Hong Kong Fintech Week 2017 Highlightsby Fintech News Hong Kong October 31, 2017
This year’s Hong Kong Fintech Week was all about cutting-edge technologies, enabling greater collaboration, and strengthening Hong Kong’s position on the global fintech scene.
One of this year’s key topics was blockchain and cryptocurrencies. Participants and experts were unanimous on the tremendous potential that blockchain held to improve processes, efficiency, and help firms cut costs. But one subject that left regulators puzzled was the topic of initial coin offerings (ICOs), an unregulated means of raising funding that’s been growing in popularity in the startup community.
“We’d welcome blockchain and fintech ICOs, but how do I tell the scammers from the real service companies?” asked James Lau, financial secretary of Hong Kong. Lau said Hong Kong will consider following Canada’s move in setting up a regulatory sandbox for ICOs.
“While many ICOs are implementing best practices like know-your-customer or transparency when it comes to the use of proceeds, some are simply looking to make a quick buck,” said Henri Arslanian, fintech and regtech lead for PwC in China and Hong Kong. “The risk is that those bad apples contaminate the whole ecosystem.”
Artificial intelligence (AI) was also widely covered during the week long fintech event with keynotes from the likes of Ant Financial, Dianrong, and PwC, among others.
In this field, mainland China has been a fast learner, building on advances in computer processing power, algorithms, and data collection used by academic researchers and major Internet companies like Baidu, Alibaba and Tencent to develop unique AI-powered fintech applications.
“The US has better scientists doing research in AI … [But regarding] the union of AI and financial technology, China is leading and will continue to dominate in the future,” Chan Ka-keung, adjunct professor of finance at the Hong Kong University of Science and Technology, said during a panel discussion.
The rapid growth of fintech services such as peer-to-peer lending and online market funds was made possible by the lack of innovation by the country’s traditional banks. These are failing to address the needs of both the average consumer and small and medium-sized enterprises, Chan said.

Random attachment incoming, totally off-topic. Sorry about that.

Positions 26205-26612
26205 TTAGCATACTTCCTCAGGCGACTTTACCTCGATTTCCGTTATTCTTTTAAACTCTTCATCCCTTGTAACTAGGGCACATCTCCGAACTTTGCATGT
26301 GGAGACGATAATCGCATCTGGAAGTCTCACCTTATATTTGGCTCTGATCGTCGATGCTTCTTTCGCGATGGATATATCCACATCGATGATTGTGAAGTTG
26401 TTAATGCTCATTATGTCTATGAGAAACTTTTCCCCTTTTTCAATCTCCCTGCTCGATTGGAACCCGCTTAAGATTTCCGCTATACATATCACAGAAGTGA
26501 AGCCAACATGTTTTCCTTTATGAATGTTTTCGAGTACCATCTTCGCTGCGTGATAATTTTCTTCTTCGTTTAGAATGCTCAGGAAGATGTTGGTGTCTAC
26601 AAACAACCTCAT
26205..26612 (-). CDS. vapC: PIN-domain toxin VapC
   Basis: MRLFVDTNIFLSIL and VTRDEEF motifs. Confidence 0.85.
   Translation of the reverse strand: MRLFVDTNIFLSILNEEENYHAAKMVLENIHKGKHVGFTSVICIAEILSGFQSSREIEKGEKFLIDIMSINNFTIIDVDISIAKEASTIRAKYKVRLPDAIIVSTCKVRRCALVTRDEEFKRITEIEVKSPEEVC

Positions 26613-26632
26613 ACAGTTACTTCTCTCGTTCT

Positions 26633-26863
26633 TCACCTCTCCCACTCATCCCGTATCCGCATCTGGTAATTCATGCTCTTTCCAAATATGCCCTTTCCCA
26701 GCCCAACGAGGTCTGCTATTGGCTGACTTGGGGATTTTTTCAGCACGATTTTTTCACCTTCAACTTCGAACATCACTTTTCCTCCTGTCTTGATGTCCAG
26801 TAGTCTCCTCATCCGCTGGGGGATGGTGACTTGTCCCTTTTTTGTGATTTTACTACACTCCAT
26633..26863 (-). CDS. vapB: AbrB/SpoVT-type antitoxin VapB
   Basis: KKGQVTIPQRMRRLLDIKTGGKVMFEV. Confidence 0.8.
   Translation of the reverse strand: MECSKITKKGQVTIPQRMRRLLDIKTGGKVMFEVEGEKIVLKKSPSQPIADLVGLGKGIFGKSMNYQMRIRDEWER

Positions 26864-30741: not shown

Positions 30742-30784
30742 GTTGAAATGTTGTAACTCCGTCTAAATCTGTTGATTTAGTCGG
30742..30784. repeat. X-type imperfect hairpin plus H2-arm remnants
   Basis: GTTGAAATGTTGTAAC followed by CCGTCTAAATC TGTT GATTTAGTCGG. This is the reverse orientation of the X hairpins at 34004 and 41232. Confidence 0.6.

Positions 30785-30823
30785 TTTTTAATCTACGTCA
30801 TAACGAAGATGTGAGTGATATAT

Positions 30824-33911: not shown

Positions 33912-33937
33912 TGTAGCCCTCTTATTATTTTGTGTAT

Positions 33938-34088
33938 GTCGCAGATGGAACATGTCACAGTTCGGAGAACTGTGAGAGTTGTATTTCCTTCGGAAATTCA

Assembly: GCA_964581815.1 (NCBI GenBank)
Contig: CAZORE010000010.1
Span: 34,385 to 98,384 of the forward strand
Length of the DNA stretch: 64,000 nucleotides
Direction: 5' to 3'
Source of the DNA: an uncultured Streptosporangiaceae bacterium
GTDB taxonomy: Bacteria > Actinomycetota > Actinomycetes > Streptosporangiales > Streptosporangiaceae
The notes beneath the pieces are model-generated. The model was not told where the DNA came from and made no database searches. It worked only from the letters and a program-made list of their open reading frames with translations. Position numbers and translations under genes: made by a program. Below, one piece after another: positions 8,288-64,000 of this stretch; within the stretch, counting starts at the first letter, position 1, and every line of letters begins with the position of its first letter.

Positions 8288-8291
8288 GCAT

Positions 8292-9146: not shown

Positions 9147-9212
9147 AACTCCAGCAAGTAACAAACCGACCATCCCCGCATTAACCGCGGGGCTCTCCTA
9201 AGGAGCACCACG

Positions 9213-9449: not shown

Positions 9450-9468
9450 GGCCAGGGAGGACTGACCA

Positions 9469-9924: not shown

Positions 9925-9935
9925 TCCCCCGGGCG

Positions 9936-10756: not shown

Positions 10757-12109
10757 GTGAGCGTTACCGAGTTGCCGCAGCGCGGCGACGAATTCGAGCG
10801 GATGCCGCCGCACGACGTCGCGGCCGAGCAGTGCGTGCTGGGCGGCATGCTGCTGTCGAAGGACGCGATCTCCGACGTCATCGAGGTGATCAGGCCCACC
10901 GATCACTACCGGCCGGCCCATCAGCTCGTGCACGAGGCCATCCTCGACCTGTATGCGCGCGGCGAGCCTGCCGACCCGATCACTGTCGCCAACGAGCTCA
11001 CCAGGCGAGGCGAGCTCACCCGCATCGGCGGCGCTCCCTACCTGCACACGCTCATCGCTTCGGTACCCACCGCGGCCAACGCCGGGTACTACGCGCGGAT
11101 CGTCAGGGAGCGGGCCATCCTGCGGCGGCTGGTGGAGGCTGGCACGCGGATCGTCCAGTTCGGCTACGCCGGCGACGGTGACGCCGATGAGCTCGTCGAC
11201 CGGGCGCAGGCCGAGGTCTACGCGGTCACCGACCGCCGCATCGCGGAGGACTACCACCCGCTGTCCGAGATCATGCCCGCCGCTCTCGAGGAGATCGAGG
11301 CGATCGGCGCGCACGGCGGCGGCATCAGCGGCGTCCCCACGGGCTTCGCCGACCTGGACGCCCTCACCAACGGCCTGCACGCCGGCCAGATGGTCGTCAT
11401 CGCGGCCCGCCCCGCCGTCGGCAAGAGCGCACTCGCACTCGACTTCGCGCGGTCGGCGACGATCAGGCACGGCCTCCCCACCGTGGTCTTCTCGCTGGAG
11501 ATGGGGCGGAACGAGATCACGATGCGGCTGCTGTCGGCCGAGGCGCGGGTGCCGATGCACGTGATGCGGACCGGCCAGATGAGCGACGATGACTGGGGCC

But most importantly, this year’s Hong Kong Fintech Week was the opportunity for the city’s government to demonstrate its commitment to advance financial innovation notably by unveiling a series of initiatives.
Hong Kong Monetary Authority (HKMA) chief executive Norman Chan took the stage on the third day of the event to announce agreements with Singapore and the city of Shenzhen to encourage further collaboration on fintech development.
“It is crucial for Hong Kong to enhance collaboration with other fintech centers,” said Chan.
On October 25, he signed a memorandum of understanding between the HKMA and the Monetary Authority of Singapore (MAS) to formalize the relationship between the two central banks.
The first project covered by the scheme is to link trade finance platforms the two authorities are developing with blockchain technology to reduce potential fraud and errors.
Besides joint innovation projects, the two monetary authorities said they will collaborate on other fintech initiatives, facilitate referrals of innovative businesses, share information, and exchange expertise to facilitate financial innovation in Singapore and Hong Kong.
“Hong Kong and Singapore are the two leading international financial centers in the region and are actively deploying fintech,” said Chan. “Collaboration between the HKMA and MAS will create significant synergy for the development of fintech and more efficient fund flows between the two markets.”
Another agreement, signed with the Office of Financial Development Service of Shenzhen (OFDS), seeks to support the development of fintech in the Guangdong-Hong Kong-Macau Bay Area as well as making it easier for Hong Kong fintech startups to operate in the southern Chinese metropolis, and vice versa.
The HKMA and the OFDS will also jointly organize a fintech award offering total prizes of about HK$7 million that recognize and reward outstanding fintech products and solutions in Hong Kong and Shenzhen financial institutions.
“Technology is a game changer for the future of banking and payment services,” Chan said. “It will differentiate winners from losers.”
Image credit: Norman Chan of the HKMA opening the Fintech Day, Hong Kong Fintech Week 2017, @HongKongFintech, Twitter.